Between them, these sentences have four definite articles, four indefinite articles, and several nouns without any articles at all. They’re all correct, but good luck explaining why —there are historical reasons why we say “the United States” but not “the Canada”, and pronunciation accounts for why a and an are each used once before a vowel and once before a consonant, but can you put into words why it is the nuances but a mystery in the final sentence, or why article use can stand on its own while use of articles cannot? It would take a whole ‘nother blog post to sort that out.

To complicate matters, the rules for articles vary greatly from language to language. Spanish, for example, has an article in Me gustan las galletas. (“I like cookies.”), but none in Tengo fiebre. (“I have a fever.”). Portuguese sometimes uses articles along with possessives, as in Come o seu bolo. (Eat your cake.), while Romanian attaches its articles to the end of nouns. Russian, meanwhile, doesn’t even have definite or indefinite articles in the same sense that English does. Is it any wonder, then, that speakers of one language often find it tricky to capture the fine points of article use in another?

Lest you think it is only a problem for English learners, let me assure you it isn’t. When I ask a native speaker to check sentences I’ve written in Spanish, the thing that gets corrected most is articles. Knowing that, however, has encouraged me to pay more attention to the little words, and the big difference they can make.

What about you? Do you feel like you have articles figured out in the language you’re learning? Or is there some other clue that you think really sets native speakers apart from learners in your language?

I Bet You a Kangaroo…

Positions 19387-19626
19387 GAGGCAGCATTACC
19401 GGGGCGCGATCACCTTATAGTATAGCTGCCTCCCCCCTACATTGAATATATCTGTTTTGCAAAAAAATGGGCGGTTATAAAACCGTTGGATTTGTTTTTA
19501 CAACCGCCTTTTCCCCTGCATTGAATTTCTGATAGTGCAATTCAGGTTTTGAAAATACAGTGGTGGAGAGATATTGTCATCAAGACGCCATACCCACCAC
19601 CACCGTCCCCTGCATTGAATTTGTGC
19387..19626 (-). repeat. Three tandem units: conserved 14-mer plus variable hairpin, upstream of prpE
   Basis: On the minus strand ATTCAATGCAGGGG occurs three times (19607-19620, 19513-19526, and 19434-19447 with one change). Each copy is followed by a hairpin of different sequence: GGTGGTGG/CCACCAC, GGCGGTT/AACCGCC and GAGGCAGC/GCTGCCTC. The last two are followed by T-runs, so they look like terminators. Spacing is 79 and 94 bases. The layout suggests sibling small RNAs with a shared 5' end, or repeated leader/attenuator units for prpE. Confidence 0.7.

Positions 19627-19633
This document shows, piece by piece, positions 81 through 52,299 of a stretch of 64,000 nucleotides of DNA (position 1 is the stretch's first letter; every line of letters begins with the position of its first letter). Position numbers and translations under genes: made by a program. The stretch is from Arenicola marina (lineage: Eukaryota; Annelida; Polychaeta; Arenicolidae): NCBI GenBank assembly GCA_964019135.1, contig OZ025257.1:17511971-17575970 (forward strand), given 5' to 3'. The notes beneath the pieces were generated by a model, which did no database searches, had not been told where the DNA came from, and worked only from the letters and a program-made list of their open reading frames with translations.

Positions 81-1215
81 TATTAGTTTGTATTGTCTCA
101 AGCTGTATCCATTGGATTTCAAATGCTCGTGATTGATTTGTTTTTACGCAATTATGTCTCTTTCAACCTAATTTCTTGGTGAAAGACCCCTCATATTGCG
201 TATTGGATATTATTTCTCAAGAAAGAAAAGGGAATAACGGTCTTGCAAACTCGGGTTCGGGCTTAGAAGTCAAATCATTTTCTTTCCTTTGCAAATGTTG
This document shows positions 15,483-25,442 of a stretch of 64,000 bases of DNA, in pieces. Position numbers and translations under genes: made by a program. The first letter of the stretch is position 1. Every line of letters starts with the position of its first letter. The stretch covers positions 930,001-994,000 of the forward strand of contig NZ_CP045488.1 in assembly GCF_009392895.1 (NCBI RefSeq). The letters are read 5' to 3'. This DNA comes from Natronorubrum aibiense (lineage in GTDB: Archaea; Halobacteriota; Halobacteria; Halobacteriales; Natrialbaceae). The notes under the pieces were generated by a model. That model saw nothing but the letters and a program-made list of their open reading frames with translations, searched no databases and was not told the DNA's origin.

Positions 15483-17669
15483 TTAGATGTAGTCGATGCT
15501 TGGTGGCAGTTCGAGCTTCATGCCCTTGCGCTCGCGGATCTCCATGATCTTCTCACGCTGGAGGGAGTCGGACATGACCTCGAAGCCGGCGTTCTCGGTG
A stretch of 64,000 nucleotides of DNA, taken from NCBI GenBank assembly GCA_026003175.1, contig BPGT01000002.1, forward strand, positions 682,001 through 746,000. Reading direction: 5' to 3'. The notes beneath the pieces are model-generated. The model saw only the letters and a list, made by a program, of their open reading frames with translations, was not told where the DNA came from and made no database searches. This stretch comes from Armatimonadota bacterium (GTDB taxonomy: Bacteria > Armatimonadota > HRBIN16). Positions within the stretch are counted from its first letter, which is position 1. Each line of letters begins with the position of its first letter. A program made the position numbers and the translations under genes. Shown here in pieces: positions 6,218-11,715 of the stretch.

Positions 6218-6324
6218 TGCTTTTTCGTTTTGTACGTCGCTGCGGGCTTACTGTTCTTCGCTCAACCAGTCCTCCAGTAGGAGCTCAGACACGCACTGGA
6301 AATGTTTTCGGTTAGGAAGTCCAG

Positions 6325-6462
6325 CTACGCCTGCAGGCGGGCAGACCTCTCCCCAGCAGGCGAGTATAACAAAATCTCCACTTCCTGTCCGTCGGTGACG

Posted on 30. Sep, 2015 by in Language Learning

A while ago at work, someone described a particularly obscure piece of trivia as “That’s about as useful as knowing the Norwegian word for ‘kangaroo’!” (I love working with language people.)

We all laughed, but after I thought for a minute, I said, “I bet I can guess the Norwegian word for ‘kangaroo’… maybe not the spelling, but at least the sound.” Since I have no known connection to Norway, they looked at me a little funny. (I have no connection to kangaroos, either, unless you count the fact that I once went to Australia.) Nevertheless, I was quite confident with my claim.

loan words

Image by Chris Samuel via (CC BY 2.0)

Can you guess? The answer tells us something about how languages work, and the key to figuring it out lies in the very way the original comment was phrased, with its implicit assumption that Norwegians don’t discuss kangaroos on a daily basis. That’s a reasonable thing to assume – the animals aren’t native to Norway, or anywhere nearby, and there probably aren’t many, if any, in the country. It’s unlikely, then, that a word for them would have developed out of native Norwegian roots. At the same time, though, the large marsupials have hopped their way into enough hearts to be known worldwide, so they must come up in conversation from time to time, even in the Nordic lands. That, in turn, means that speakers there must have a name for them, one which most likely came into the language along with knowledge of the Australian animals in the seventeenth century. In the time since then, I figured it might have gotten used just often enough to have acquired some minimal adaptations to local language conventions, but probably not enough to have become unrecognizable.

My guess, therefore, was that the Norwegian word for “kangaroo” would be a borrowed word that still sounded very much like “kangaroo” in English, but was probably not spelled exactly the same. We looked it up, and it turns out I nailed it – the Norwegian word for “kangaroo” is, in fact, “kenguru”.

What about you ‑ do you know the word for “kangaroo” in the language you’re learning? If not, what’s the most obscure word you’ve ever looked up just for the fun of it, and did it turn out to be a cognate? And did you know they’ve finally disproven the old legend that “kangaroo” came from an Aboriginal word for “I don’t know”?